Meanwhile, the House Ethics Committee says it will be taking a new look into the allegations against Rep. Blake Farenthold, R-Texas. The Texas Tribune: "Members of the U.S. House Ethics Committee unanimously voted Thursday to establish a subcommittee to investigate allegations that U.S. Rep. Blake Farenthold, a Corpus Christi Republican, sexually harassed a subordinate several years ago. The matter appeared to be resolved two years ago. But it resurfaced as a heightened awareness of sexual harassment has swept workplaces across the country, including U.S. congressional offices."
Trump White House criticizes African-American lawmakers who are skipping his appearance at civil rights museum
"U.S. Reps. John Lewis and Bennie Thompson will stay away from Saturday's opening of the Mississippi Civil Rights Museum, citing the attendance of President Donald Trump," USA Today reports. "Lewis and Thompson, both Democratic leaders, had planned to attend Saturday."
White House Press Secretary Sarah Huckabee Sanders issued this response: "We think it's unfortunate that these members of Congress wouldn't join the president in honoring the incredible sacrifice civil rights leaders made to right the injustices in our history. The president hopes others will join him in recognizing that the movement was about removing barriers and unifying Americans of all backgrounds."
But the Congressional Black Caucus fired back that Lewis is one of the civil rights leaders being honored. "It's laughable that the White House is criticizing John Lewis and Bennie Thompson for not attending the opening of a civil rights museum that honors the sacrifice of ....wait..... John Lewis, Bennie Thompson, and many others," said Rep. Cedric Richmond, D-La., chair of the Congressional Black Caucus. "This White House is not serious about civil rights. From dismantling the civil rights division in DOJ to equating peaceful people who protested racism to Neo-nazi's and White Supremacists, they just don't get it."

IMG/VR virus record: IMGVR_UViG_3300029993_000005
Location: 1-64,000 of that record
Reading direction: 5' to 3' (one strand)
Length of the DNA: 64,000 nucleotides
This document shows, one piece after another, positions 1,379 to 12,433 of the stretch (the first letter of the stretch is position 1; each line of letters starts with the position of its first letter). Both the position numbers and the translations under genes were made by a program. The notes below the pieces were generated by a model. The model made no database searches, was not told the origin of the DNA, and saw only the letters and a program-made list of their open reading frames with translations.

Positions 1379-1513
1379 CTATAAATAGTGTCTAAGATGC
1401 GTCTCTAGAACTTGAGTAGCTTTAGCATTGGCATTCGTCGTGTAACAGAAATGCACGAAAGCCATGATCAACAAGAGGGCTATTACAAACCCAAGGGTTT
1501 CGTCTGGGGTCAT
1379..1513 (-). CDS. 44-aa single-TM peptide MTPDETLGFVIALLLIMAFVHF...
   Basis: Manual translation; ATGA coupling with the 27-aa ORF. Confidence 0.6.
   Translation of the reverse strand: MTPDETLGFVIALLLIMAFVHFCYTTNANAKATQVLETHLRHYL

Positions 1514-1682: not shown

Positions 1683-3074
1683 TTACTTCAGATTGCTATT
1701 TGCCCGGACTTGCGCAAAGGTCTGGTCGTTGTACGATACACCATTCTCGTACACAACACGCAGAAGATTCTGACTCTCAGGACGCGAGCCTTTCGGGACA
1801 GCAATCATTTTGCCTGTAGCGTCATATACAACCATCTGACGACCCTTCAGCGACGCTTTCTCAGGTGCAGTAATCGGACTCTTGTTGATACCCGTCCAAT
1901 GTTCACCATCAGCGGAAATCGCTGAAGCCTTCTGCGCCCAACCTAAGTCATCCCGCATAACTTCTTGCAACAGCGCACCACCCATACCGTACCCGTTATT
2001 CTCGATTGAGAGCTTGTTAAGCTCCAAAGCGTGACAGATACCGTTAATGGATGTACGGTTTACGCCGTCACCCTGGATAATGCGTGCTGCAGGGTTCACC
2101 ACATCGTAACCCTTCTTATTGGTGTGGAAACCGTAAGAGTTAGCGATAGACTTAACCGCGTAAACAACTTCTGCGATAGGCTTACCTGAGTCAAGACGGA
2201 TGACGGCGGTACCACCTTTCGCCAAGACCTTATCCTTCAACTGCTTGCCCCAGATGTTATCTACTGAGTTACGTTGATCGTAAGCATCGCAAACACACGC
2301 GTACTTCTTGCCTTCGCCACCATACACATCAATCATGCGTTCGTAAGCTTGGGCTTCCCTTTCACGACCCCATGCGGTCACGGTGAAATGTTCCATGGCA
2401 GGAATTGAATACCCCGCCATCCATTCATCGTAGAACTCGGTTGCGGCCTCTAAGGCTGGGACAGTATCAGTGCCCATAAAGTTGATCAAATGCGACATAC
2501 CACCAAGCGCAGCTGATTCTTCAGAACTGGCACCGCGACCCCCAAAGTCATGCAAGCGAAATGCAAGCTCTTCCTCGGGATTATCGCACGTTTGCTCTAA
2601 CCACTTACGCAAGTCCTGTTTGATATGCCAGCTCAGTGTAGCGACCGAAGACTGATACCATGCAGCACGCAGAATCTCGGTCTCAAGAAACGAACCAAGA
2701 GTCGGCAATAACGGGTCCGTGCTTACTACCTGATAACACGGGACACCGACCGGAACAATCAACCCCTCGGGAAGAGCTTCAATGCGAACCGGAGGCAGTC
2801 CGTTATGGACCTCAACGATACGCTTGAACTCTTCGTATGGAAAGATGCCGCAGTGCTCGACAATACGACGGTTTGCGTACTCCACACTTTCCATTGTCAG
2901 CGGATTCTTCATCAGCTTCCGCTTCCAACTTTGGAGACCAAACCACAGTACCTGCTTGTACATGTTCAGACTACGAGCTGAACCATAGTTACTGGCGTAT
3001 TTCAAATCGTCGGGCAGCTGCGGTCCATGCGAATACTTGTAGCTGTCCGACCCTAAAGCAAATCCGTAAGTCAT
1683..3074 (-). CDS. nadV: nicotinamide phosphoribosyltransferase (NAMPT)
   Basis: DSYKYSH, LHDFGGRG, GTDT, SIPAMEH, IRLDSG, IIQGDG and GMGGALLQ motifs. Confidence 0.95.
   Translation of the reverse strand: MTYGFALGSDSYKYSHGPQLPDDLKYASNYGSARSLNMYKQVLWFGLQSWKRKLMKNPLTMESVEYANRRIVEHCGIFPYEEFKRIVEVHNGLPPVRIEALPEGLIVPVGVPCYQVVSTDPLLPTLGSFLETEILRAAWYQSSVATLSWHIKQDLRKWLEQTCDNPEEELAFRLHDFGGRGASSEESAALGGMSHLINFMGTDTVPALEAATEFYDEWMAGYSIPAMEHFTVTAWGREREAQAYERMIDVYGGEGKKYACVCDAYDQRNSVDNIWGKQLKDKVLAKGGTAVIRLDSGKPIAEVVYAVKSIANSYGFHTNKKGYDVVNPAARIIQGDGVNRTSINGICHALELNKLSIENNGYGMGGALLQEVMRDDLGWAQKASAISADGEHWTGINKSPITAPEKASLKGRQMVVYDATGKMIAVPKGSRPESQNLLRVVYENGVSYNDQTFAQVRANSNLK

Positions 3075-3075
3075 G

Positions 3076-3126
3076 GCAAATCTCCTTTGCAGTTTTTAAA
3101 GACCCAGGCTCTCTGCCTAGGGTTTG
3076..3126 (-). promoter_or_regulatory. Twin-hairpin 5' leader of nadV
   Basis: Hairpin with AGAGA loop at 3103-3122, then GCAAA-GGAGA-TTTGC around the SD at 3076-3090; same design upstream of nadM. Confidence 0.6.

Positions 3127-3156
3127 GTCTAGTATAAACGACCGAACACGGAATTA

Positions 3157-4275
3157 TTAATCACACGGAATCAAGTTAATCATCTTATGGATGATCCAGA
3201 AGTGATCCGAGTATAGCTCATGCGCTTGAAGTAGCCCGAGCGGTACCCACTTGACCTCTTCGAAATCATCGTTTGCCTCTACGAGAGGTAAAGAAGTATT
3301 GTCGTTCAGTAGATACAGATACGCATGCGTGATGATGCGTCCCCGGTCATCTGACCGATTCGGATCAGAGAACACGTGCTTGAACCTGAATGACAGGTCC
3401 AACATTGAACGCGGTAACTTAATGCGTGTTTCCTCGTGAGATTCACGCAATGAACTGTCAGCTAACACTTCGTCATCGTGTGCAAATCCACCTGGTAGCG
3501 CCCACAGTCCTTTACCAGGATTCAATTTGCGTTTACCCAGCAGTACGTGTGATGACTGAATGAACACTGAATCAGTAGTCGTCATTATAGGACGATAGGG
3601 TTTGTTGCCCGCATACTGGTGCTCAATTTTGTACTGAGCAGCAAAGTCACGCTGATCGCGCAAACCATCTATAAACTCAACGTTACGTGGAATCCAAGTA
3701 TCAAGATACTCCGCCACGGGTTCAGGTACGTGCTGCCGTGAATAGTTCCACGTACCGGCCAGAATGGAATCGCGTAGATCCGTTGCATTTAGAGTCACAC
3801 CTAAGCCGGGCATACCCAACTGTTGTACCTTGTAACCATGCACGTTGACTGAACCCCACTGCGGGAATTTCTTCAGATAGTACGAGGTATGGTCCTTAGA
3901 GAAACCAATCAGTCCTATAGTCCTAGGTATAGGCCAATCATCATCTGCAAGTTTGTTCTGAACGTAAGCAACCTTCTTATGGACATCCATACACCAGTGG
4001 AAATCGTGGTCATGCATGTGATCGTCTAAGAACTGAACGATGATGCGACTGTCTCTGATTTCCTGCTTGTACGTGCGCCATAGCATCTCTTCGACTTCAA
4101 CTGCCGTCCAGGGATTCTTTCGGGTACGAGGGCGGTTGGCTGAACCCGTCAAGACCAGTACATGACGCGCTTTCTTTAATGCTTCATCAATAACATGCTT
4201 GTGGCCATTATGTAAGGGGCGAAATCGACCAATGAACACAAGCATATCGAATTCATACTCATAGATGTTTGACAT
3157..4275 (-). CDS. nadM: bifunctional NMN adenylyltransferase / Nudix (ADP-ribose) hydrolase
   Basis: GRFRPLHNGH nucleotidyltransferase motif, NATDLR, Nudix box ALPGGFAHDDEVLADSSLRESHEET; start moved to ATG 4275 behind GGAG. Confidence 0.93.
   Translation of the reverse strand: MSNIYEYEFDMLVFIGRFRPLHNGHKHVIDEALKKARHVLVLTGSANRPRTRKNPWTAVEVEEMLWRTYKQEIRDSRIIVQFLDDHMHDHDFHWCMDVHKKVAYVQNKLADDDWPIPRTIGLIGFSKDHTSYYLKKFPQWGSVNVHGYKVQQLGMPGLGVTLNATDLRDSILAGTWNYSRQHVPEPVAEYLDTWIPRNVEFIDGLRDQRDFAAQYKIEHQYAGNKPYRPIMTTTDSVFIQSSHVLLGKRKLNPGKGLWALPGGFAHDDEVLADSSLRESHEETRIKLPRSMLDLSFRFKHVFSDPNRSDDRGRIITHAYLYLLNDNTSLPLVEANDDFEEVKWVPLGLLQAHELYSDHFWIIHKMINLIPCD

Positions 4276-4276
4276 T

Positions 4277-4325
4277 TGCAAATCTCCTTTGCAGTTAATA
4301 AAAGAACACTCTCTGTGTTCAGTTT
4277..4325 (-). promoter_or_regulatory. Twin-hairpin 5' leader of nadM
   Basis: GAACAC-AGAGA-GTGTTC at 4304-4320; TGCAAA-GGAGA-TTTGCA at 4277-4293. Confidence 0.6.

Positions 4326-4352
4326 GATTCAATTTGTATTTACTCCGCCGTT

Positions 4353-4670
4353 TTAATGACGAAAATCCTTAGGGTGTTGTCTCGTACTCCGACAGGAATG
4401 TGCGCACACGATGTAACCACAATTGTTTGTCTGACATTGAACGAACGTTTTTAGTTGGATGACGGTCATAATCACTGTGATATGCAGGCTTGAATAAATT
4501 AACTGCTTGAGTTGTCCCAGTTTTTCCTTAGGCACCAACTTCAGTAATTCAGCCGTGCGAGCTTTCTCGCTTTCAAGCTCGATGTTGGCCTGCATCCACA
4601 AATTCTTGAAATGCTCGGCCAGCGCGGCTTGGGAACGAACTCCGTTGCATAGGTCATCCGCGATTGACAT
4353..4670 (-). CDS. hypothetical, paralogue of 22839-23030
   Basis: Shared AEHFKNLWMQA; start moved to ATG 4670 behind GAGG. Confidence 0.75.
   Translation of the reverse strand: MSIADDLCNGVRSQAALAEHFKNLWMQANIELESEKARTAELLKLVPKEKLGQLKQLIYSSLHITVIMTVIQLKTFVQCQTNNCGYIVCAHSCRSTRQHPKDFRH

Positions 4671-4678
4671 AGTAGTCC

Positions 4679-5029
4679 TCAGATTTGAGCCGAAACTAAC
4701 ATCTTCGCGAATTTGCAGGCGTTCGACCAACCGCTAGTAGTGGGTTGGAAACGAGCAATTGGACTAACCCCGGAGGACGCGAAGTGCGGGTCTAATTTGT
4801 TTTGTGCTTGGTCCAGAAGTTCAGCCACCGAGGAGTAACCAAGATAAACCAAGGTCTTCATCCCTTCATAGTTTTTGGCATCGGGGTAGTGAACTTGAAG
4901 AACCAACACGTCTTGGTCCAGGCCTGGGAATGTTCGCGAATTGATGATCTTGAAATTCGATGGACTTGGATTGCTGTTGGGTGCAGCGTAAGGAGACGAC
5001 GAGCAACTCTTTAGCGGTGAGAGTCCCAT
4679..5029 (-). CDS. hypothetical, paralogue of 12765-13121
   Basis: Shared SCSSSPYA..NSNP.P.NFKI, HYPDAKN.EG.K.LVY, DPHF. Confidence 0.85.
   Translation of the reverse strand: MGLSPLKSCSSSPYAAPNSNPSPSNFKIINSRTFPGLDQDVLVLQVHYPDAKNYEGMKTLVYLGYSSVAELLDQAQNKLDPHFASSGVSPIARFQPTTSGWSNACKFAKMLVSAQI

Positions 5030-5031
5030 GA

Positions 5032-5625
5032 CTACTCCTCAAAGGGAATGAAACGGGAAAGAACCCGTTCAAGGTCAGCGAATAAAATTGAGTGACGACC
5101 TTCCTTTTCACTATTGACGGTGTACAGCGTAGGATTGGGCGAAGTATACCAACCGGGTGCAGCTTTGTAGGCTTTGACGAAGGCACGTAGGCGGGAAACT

Trump holds rally in Pensacola, Fla.
Before his appearance in Mississippi tomorrow, President Trump tonight heads to Pensacola, Fla. - which is on the border between Florida and Alabama - for a campaign rally at 8:00 pm ET.
Here's how the AP has described Trump's visit: "President Donald Trump will appear at a campaign-style rally in Pensacola, Florida … a move that brings the president less than 20 miles from the Alabama border just four days before a special election that will decide the fate of embattled Republican Senate candidate Roy Moore."
Drain the swamp? Interior Secretary Zinke booked government helicopters to attend DC events
Politico: Interior Secretary Ryan Zinke spent more than $14,000 on government helicopters this summer to take himself and staff to and from official events near Washington, D.C., in order to accommodate his attendance at a swearing-in ceremony for his replacement in Congress and a horseback ride with Vice President Mike Pence, according to previously undisclosed official travel documents. The travel logs, released to POLITICO via a Freedom of Information Act request, show Zinke using taxpayer-funded vehicles from the U.S. Park Police to help accommodate his political events schedule."
Zinke has been on the job less than a year, but "Zinke" and "controversy" already has some robust search results.